Sew over it
It started with a map. Then local craftivists placed their works where offences took place. Now there are plaques and an exhibition
It started with a map. Then local craftivists placed their works where offences took place. Now there are plaques and an exhibition
Aishley is nine years old. She and her five-year-old cousin Georgia are playing out on her street – a quiet residential road on a desirable new housing estate. They venture towards the local shop, a safe distance their parents are happy for them to go in daylight, but Aishley takes her little cousin’s hand all the same.
Kate Doran’s affecting work depicts her own sexual assault at a bus stop
A man approaches them – tall, skinny, late fifties or early sixties – and asks if they can point him to a public toilet. Aishley tells him there’s one a mile or so away. He says he’s desperate – do they know if there’s an alley nearby where he can go in instead? Aishley gestures to the closest alley. Can she show him where it is? She knows to say no. Gripping on to Georgia’s hand they run, as fast as their legs will carry them, back home.
“It’s just absolutely harrowing when I think about us as little girls running off down the street. At the time, I was a bit scared and I knew it wasn’t right but it’s terrifying when I think about it as an adult – what could have happened and how scarring that could have been and traumatic. It’s horrific. It really is.”
Aishley is 16. She is in town one afternoon after school, wearing her uniform. It’s winter and suddenly dark, the shops have closed. She is waiting to be picked up by her mum when a man begins to follow her. She starts to take unusual routes to lose him but he follows her everywhere. She sees a phone box and pretends to call home but she doesn’t have any money. He waits outside. She doesn’t know what to do. She panics, leaves the phone box and runs. He chases her. She bangs on the the window of a shop. She’s lucky – a woman is inside and lets her in to call her mum.
“I was genuinely terrified. It was horrific. I remember just the panic. The woman in the shop, I still remember her now – I remember how she smelled, because she hugged me. She was so lovely. She’d always worked in there, it was called Etam and I’d shopped in there so I knew who she was. I needed the safety of another woman and she was there, thank god, because I don’t know what I would have done. Now, there’s that safety net of having a mobile phone, whereas back then you didn’t even have that. It was like, run!”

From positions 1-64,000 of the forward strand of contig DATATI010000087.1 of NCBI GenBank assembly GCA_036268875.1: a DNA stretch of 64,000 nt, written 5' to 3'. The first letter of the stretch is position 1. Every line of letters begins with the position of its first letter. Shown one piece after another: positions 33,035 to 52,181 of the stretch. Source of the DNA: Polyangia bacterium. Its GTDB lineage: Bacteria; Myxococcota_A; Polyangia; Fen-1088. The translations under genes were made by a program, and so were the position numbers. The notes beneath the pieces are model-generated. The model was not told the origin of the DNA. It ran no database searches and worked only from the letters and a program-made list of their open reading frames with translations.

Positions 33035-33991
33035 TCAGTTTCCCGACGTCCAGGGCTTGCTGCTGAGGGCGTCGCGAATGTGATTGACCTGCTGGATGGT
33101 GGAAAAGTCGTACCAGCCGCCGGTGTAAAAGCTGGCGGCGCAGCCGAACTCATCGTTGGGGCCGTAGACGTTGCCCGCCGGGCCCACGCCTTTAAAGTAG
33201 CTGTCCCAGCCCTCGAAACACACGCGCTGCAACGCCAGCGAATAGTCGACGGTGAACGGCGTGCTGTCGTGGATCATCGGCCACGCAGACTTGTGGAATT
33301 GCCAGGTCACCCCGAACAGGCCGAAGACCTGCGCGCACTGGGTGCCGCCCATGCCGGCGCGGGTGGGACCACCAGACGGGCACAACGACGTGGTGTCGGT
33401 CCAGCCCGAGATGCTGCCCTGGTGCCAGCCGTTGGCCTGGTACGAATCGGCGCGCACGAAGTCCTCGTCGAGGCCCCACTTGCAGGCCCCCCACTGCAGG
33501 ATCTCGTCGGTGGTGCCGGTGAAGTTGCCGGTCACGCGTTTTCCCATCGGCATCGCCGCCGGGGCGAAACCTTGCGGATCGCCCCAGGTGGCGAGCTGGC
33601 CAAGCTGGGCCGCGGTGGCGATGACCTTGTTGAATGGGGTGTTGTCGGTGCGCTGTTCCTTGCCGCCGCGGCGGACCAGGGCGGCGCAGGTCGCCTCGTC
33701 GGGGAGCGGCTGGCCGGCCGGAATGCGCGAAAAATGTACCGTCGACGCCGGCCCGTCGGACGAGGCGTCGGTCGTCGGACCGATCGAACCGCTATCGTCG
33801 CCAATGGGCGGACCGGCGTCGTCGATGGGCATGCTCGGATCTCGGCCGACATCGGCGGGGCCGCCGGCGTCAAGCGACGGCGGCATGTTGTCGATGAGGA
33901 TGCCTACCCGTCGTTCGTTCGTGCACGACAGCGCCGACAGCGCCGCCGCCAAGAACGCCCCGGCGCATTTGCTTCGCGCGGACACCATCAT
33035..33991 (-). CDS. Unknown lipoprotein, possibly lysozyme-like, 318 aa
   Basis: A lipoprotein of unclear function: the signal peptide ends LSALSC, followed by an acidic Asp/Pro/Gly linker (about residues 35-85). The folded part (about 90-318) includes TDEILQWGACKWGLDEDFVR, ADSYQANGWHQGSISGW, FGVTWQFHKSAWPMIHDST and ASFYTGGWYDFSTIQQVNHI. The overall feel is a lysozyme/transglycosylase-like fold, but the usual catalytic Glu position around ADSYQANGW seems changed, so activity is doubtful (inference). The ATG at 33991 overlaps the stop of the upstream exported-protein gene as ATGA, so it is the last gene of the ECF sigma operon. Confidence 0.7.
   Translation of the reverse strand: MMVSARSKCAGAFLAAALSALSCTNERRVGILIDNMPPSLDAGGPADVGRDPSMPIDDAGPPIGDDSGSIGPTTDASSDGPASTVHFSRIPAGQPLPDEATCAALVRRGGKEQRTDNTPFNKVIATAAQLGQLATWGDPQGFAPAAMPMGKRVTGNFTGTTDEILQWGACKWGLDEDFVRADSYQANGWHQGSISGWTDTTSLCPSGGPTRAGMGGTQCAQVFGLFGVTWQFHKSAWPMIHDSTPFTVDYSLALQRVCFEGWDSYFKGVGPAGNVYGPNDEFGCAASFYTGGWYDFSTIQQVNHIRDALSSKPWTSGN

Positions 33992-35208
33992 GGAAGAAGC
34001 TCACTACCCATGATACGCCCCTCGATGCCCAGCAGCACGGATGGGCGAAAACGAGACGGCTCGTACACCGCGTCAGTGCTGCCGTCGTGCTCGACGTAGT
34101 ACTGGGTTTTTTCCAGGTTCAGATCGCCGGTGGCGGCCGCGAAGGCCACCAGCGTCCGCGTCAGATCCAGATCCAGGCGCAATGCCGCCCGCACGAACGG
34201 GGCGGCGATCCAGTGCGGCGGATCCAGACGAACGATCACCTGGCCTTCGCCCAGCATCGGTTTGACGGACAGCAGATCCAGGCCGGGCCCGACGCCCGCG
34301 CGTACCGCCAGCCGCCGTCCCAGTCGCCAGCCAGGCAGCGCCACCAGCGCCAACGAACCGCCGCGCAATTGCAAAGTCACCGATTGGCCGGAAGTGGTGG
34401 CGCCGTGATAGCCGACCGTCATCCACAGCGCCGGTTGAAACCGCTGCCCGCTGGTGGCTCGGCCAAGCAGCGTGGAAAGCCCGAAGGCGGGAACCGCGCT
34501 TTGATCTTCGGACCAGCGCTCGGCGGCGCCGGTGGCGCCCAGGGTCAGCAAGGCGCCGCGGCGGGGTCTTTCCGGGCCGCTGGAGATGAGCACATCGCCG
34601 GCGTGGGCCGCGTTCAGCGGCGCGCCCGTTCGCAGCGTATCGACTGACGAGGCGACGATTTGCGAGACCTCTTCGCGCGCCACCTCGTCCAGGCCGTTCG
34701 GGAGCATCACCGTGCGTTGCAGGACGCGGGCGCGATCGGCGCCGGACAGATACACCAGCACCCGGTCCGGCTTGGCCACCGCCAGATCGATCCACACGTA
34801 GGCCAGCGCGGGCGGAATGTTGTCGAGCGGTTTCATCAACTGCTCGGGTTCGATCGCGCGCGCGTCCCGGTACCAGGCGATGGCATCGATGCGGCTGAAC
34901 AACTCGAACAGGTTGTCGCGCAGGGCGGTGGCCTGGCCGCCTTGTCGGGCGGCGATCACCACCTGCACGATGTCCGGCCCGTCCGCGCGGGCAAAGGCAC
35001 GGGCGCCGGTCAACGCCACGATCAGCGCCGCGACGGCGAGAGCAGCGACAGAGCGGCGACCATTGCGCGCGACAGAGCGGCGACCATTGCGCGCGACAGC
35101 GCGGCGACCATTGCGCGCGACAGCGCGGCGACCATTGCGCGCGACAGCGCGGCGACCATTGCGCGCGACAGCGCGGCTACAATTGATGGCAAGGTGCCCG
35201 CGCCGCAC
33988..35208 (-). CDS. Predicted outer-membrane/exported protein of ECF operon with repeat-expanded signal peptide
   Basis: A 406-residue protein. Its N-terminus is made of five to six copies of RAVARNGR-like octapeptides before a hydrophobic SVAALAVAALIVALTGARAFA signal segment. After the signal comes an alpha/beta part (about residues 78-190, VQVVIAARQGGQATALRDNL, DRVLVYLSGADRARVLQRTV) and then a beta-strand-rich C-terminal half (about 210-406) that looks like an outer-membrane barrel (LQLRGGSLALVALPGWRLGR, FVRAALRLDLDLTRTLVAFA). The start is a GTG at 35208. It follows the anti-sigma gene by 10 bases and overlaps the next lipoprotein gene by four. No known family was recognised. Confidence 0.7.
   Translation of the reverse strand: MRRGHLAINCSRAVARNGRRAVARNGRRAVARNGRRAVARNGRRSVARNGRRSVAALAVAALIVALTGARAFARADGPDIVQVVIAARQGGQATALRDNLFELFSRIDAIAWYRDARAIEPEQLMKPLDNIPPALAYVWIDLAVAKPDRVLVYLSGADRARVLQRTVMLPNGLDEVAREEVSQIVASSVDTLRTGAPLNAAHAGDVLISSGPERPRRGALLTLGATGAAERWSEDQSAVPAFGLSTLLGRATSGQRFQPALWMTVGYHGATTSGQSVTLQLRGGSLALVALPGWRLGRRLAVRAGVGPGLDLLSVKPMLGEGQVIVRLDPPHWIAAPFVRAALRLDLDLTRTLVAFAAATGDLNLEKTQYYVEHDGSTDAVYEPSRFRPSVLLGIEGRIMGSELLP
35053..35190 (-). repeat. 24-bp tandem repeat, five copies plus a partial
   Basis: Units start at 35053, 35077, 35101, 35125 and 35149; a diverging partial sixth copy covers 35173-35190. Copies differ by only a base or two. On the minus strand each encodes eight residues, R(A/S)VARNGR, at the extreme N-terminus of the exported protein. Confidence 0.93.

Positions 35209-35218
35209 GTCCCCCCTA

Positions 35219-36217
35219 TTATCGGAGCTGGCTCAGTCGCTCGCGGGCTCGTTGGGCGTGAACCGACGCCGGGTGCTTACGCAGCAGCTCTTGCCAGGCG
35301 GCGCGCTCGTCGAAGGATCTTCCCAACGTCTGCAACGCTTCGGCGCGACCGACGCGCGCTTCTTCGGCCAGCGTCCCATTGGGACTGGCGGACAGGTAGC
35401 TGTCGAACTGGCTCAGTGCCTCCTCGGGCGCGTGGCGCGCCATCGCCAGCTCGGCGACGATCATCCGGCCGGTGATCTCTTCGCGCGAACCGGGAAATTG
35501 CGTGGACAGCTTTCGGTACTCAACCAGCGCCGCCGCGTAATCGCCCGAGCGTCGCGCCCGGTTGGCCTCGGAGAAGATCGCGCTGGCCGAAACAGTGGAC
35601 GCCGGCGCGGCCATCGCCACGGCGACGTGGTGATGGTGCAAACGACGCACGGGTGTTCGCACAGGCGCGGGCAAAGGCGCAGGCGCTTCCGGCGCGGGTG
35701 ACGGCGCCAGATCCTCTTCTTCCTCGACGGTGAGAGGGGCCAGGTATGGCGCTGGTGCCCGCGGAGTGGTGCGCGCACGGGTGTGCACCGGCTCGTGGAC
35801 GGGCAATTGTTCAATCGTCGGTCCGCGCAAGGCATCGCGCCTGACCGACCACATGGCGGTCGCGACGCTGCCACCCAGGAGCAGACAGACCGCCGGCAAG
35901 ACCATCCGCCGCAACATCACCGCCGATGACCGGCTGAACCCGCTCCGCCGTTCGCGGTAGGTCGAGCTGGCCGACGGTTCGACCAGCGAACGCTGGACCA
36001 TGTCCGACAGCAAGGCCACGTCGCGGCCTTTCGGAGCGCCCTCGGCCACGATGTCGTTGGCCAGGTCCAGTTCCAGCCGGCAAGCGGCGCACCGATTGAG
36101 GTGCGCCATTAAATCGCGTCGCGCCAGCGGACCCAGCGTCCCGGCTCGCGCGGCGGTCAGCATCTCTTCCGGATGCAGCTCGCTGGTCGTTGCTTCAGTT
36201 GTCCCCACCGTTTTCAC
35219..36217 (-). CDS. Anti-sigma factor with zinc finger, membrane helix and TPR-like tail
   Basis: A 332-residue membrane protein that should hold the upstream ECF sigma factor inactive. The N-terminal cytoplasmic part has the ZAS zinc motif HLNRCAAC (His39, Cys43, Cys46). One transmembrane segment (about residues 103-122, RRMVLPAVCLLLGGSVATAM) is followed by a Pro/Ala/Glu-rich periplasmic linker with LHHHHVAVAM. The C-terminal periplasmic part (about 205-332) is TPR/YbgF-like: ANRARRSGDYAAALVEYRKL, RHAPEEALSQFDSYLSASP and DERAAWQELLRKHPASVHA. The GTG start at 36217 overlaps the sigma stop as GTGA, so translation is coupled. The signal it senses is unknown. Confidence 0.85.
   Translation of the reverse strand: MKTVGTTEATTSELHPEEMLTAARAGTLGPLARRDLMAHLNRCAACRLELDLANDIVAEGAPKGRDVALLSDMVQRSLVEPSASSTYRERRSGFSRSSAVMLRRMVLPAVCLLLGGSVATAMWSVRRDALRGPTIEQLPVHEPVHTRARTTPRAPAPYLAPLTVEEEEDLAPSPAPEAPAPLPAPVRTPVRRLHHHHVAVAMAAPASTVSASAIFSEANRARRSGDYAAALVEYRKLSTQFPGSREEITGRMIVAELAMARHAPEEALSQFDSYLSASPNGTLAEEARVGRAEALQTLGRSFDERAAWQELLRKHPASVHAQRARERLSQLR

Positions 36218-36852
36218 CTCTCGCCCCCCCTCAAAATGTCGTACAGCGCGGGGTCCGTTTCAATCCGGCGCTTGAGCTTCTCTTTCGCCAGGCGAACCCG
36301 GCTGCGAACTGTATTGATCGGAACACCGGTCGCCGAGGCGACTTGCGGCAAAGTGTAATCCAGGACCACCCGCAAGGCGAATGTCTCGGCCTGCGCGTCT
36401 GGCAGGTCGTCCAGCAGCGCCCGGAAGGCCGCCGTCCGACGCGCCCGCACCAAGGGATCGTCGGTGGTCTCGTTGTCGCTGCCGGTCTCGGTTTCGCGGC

These are just two of a lifetime of instances of sexual harassment in public places that Aishley Bell Docherty, now in her thirties, can recall. But until last year, she never did.
“I’ve never considered really chatting to anyone about it before, just because you try and forget about it, but I think, as a female, the majority of us have experienced those situations.”
But the brutal murder of Sarah Everard almost a year ago sparked a conversation about street safety and women found power in sharing the stories of these encounters – sometimes frightening, sometimes banal – in a collective call to Reclaim These Streets. In Blackpool, Bell Docherty and around 50 other women plotted their stories of everything from catcalling to drink spiking on an interactive map showing where and when incidents occurred. Recording her experiences, Bell Docherty says, sparked lots of conversations – with her wife, her friends and family – about their respective experiences of harassment. It’s been a revelation.
“What I find really shocking is when I’ve been talking to that older generation about it they don’t really consider it to be harassment. They think it’s just normal.”
But the incidents in school uniform – there was another when she was approached walking home – are two she could never forget. She says they were formative experiences.
“They were a big part of shaping my confidence in how I dressed later on. I was like, okay, it affects more than just how you look or how you feel so if I’m going to a certain place I won’t wear certain things. Right or wrong, it’s the way it is. It helps you to avoid situations and the sooner you learn that the better.”
Bell Docherty’s story resonated with others too, including Linda Copeland who embroidered her words “I started to take strange routes. He followed me everywhere” onto the back of a utilitarian denim jumpsuit. The words sit alongside a needle-felted map of Blackpool with the incident location marked.